Criminal Justice

What about the Detainees in U.S. Prisons?

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The United States has finally released the last three detainees from the Parwan Detention Center in Afghanistan. “The Defense Department no longer operates detention facilities in Afghanistan nor maintains custody of any detainees,” Pentagon spokesman Lt. Col. Myles Caggins told The Associated Press. Two of the detainees were transferred to Afghan custody for possible prosecution and a third ... [click for more]

The Ferguson Distraction

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Ironically, the shooting death of unarmed black 18-year-old Michael Brown by white Ferguson, MO, police officer Darren Wilson is a distraction from the racist police brutality that ravages America. Whether or not Wilson shot Brown unjustifiably, and whether or not Brown provoked the shooting by grabbing for Wilson’s gun, the police — and the government officials who employ and arm ... [click for more]

Due Process versus Secret Courts

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Due process is a set of legal requirements that protect the individual against abuse by the state. Examples are a person’s right to be notified of court proceedings in which he is involved and the right against self-incrimination. Due process is woven into the fabric of American society through both the Constitution and legal precedent. Few practices are as damaging ... [click for more]

TGIF: “The Police Force Is Watching the People”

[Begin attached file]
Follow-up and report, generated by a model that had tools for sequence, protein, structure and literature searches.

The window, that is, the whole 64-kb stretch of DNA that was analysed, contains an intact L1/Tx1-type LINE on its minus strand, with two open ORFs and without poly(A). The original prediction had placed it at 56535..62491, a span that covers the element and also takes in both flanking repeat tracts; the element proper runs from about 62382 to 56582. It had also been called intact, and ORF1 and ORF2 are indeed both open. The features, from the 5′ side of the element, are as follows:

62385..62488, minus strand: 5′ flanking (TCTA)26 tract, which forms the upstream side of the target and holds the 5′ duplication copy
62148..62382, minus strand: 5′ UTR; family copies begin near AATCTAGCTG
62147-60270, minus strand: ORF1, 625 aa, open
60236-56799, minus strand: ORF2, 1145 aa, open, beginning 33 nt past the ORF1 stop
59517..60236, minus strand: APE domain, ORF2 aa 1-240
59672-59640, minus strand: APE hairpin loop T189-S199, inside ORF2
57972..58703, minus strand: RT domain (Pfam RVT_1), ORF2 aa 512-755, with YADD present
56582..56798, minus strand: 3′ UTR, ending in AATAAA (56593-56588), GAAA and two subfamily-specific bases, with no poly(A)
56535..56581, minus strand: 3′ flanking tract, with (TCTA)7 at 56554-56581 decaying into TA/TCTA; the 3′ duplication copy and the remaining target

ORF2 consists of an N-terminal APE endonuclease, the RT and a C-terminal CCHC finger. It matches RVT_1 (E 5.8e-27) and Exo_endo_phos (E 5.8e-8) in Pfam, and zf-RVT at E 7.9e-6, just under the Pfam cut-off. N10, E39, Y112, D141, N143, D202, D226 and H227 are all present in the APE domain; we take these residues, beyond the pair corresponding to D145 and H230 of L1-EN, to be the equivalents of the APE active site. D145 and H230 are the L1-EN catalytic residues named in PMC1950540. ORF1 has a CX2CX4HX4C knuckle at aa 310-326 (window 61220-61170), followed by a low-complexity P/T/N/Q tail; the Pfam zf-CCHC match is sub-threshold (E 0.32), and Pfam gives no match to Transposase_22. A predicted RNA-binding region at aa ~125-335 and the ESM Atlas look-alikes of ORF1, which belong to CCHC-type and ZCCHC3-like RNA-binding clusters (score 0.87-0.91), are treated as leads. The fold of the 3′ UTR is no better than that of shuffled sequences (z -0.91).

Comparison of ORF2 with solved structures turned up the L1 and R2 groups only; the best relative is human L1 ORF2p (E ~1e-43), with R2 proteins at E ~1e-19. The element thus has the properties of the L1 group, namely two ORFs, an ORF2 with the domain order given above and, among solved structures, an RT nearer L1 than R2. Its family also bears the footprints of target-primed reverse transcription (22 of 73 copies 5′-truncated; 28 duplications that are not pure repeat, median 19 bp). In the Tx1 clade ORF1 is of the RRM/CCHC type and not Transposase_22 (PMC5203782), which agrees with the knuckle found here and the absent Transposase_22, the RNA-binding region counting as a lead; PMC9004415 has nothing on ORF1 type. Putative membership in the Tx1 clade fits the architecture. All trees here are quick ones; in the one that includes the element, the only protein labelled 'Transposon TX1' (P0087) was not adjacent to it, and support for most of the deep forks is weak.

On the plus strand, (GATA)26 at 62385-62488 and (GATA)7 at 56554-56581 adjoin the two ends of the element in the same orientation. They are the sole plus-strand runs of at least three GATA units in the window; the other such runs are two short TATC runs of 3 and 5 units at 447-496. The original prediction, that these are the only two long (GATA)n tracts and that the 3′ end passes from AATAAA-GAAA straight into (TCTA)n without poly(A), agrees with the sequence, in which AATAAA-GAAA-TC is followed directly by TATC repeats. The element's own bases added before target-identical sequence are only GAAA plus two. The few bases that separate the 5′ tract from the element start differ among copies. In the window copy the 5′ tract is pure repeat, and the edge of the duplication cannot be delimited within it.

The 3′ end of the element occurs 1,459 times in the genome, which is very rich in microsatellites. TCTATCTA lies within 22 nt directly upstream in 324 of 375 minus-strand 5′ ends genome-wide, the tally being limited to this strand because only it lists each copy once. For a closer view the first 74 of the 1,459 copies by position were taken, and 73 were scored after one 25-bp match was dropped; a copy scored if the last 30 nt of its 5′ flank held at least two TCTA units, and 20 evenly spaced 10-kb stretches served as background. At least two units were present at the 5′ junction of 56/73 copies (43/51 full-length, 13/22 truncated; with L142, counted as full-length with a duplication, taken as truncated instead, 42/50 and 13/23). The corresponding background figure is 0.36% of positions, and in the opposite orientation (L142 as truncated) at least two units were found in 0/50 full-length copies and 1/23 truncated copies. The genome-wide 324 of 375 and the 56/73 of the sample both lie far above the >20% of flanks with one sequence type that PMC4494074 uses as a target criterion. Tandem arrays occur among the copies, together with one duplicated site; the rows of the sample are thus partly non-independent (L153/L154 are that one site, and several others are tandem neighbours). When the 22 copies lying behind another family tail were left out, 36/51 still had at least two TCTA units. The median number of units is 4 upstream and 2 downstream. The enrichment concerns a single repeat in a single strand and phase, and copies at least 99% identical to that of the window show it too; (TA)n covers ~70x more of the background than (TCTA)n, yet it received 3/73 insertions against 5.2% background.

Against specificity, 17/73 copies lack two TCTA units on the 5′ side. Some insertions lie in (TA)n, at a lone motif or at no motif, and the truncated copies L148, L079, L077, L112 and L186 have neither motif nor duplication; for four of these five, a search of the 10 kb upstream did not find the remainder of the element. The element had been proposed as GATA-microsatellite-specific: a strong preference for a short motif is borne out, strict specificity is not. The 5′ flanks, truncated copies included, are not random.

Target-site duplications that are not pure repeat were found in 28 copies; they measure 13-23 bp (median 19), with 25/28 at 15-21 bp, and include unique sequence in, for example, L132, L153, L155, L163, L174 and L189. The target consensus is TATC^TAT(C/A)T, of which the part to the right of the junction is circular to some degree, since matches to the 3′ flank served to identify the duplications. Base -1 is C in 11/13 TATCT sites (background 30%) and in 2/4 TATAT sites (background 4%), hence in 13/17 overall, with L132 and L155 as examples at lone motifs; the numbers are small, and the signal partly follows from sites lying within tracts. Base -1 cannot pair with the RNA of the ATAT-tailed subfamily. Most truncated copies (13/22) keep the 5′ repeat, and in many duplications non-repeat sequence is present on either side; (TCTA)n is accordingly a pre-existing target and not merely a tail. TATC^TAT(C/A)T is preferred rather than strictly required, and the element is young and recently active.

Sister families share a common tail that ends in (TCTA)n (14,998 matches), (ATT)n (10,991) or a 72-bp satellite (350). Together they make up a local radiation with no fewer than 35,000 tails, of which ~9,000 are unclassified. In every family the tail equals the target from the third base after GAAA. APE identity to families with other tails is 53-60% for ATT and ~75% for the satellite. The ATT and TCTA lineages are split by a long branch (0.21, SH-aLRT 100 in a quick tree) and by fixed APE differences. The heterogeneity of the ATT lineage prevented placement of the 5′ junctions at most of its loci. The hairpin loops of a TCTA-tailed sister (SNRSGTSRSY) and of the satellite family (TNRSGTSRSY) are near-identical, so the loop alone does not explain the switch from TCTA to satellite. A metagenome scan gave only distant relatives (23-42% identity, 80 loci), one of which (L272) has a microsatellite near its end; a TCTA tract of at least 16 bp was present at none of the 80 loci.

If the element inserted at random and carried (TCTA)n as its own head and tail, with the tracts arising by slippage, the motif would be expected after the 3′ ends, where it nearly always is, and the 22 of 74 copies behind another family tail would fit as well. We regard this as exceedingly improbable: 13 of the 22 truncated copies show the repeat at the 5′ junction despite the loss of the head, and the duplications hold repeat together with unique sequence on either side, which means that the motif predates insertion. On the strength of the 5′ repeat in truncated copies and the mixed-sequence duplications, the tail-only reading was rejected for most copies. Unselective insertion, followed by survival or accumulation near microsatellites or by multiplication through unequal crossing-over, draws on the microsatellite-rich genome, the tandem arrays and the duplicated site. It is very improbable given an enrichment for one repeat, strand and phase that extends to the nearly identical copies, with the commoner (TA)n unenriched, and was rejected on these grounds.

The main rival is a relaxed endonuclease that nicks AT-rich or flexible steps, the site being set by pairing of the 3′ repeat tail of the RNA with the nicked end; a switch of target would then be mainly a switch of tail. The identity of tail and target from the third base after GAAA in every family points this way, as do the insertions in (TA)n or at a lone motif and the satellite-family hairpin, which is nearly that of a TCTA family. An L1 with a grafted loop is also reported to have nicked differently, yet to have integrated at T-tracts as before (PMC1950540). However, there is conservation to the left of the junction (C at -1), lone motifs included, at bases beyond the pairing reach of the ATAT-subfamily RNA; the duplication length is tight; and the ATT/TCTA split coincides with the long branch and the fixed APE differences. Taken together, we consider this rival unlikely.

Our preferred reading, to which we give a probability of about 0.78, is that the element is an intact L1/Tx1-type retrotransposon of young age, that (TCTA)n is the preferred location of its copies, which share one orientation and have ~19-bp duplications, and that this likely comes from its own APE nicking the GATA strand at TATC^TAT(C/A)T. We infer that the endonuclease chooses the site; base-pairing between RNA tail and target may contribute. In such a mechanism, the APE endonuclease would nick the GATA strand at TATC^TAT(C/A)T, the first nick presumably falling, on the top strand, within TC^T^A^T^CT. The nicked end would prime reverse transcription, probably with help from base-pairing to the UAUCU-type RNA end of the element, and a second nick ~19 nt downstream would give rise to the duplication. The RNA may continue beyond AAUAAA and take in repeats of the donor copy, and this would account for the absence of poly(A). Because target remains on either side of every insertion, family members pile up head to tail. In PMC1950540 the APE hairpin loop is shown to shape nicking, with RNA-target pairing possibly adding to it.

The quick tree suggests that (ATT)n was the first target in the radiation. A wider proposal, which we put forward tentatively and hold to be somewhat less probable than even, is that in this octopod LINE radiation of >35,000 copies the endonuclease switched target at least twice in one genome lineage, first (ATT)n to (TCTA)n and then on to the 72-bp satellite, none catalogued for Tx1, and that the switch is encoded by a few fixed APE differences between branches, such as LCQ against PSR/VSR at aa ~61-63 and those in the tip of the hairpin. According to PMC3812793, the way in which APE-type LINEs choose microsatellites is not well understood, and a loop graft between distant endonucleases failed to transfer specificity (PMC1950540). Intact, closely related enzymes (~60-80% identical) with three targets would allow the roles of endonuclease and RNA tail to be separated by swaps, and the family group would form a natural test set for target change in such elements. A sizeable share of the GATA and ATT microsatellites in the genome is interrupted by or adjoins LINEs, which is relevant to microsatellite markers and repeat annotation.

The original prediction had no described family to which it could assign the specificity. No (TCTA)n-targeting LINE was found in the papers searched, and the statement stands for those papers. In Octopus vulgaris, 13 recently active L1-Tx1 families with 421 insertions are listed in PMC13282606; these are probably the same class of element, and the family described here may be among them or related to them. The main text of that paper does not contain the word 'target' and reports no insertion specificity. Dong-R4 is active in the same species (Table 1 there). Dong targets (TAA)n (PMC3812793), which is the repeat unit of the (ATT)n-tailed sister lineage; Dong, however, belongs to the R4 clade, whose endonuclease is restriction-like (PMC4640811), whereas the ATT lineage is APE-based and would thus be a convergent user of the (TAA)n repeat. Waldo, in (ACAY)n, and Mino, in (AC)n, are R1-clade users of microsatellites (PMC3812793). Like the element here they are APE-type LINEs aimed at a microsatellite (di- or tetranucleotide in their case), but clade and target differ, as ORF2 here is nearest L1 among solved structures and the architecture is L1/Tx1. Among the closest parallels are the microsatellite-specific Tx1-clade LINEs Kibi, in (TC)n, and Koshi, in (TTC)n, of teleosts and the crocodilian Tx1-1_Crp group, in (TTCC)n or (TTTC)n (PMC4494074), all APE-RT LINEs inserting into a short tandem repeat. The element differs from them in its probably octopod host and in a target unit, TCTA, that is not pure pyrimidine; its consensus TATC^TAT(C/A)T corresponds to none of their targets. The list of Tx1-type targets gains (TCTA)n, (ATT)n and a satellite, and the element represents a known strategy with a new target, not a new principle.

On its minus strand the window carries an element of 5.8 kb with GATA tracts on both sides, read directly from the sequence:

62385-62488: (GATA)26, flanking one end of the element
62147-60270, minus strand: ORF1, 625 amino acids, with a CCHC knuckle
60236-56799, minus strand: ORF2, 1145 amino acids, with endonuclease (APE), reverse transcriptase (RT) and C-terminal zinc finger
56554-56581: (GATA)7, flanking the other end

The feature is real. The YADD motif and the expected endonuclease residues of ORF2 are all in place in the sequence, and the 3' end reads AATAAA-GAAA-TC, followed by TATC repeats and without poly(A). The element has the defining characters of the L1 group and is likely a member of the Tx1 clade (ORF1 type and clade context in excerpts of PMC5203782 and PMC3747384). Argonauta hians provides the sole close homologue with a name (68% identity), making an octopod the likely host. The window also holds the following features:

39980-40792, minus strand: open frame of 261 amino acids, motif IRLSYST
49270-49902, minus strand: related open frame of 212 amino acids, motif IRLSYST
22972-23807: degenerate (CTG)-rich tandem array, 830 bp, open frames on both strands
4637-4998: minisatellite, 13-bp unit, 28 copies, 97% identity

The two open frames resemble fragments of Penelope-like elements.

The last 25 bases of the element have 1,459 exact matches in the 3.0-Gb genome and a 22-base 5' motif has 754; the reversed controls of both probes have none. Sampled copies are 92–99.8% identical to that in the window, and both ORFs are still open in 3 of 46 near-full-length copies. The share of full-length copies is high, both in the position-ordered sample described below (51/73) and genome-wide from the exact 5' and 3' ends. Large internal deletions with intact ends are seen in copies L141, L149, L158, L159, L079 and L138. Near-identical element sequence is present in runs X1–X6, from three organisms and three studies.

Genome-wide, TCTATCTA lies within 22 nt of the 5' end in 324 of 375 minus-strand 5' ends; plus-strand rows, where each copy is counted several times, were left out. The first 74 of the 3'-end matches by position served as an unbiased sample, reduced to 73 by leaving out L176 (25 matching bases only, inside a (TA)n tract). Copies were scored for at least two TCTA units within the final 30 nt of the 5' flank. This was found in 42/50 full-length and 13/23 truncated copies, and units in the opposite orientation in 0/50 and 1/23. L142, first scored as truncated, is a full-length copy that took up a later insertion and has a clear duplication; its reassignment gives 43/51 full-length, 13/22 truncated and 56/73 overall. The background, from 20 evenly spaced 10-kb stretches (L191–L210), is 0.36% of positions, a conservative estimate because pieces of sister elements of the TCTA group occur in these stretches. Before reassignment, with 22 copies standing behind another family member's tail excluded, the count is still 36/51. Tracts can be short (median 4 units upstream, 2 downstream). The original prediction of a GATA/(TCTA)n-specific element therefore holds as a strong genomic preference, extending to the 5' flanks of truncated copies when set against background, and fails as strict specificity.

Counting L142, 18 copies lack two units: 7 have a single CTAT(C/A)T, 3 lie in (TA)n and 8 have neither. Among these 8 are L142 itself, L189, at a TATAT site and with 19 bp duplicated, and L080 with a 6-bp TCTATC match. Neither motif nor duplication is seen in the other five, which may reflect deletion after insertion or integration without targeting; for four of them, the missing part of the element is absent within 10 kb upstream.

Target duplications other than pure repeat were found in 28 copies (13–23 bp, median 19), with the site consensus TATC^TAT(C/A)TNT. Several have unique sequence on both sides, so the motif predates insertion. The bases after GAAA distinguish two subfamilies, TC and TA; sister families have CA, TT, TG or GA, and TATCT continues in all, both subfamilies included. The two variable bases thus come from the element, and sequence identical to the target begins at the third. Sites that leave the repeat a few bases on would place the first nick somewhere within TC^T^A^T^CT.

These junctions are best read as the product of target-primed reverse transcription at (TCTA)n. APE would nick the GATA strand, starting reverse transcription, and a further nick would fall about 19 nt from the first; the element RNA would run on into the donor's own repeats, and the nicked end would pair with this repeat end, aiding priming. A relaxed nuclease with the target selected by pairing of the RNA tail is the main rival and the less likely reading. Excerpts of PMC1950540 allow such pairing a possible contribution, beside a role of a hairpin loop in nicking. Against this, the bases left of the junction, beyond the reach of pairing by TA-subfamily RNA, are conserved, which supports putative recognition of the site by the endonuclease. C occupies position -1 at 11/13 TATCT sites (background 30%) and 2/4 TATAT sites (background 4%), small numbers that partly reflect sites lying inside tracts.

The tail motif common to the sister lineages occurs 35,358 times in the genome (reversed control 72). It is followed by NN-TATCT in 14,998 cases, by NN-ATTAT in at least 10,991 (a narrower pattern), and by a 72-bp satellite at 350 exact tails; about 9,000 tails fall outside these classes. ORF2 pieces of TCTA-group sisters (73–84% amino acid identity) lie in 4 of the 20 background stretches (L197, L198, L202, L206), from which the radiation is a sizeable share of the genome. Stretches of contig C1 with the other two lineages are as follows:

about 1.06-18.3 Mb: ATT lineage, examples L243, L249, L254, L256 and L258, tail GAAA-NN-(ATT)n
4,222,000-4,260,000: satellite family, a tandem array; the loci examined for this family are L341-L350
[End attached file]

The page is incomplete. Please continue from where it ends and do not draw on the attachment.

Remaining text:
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Political philosophy — the libertarian philosophy included — can take you only so far. The libertarian philosophy provides grounds for condemning aggression, that is, the initiation of force, and along with some supplemental considerations, it identifies in the abstract what constitutes aggression, victimhood, and self-defense. But the philosophy can’t identify the aggressor and victim in particular cases; relevant empirical ... [click for more]

Crime and Punishment in a Free Society

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Would a free society be a crime-free society? We have good reason to anticipate it. Don’t accuse me of utopianism. I don’t foresee a future of new human beings who consistently respect the rights of others. Alas, there will always be those who would invade the boundaries of their fellow human beings. Rather, I want to draw attention to the ... [click for more]

How the Castle Crumbled

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Rise of the Warrior Cop: The Militarization of America’s Police Forces by Radley Balko (Public Affairs 2013), 400 pages. “A man’s home is his castle,” the old English saying goes. Since the American Revolution, Americans’ homes have been considered sanctified space. Under the Castle Doctrine, first expressed in English common law, a person’s home — whether it’s a shack or ... [click for more]

Is Edward Snowden a Lawbreaker?

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Most people believe that Edward Snowden, who has confirmed that the U.S. government spies on us, broke the law. Even many of his defenders concede this. While in one sense the statement “Snowden broke the law” may be trivially true, in another, deeper sense it is untrue. He may have violated the terms of legislation passed by Congress and signed ... [click for more]

Stand Your Ground Makes Sense

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The July 13, 2013, acquittal of George Zimmerman in the February 2012 self-defense shooting of Trayvon Martin has brought a flood of criticism against Florida’s Stand Your Ground law. Despite the fact that this law was not a factor in the Zimmerman case, opponents are using the incident as a pretext to lobby for repeal of that statute. More than ... [click for more]

Where’s the Body Count from Shootings by Police?

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Barack Obama has made curtailing Americans’ right to own firearms one of his highest priorities. Earlier this year, he appealed to “all the Americans who are counting on us to keep them safe from harm.” He also declared, “If there is even one life we can save, we’ve got an obligation to try.” But some perils are not worth ... [click for more]
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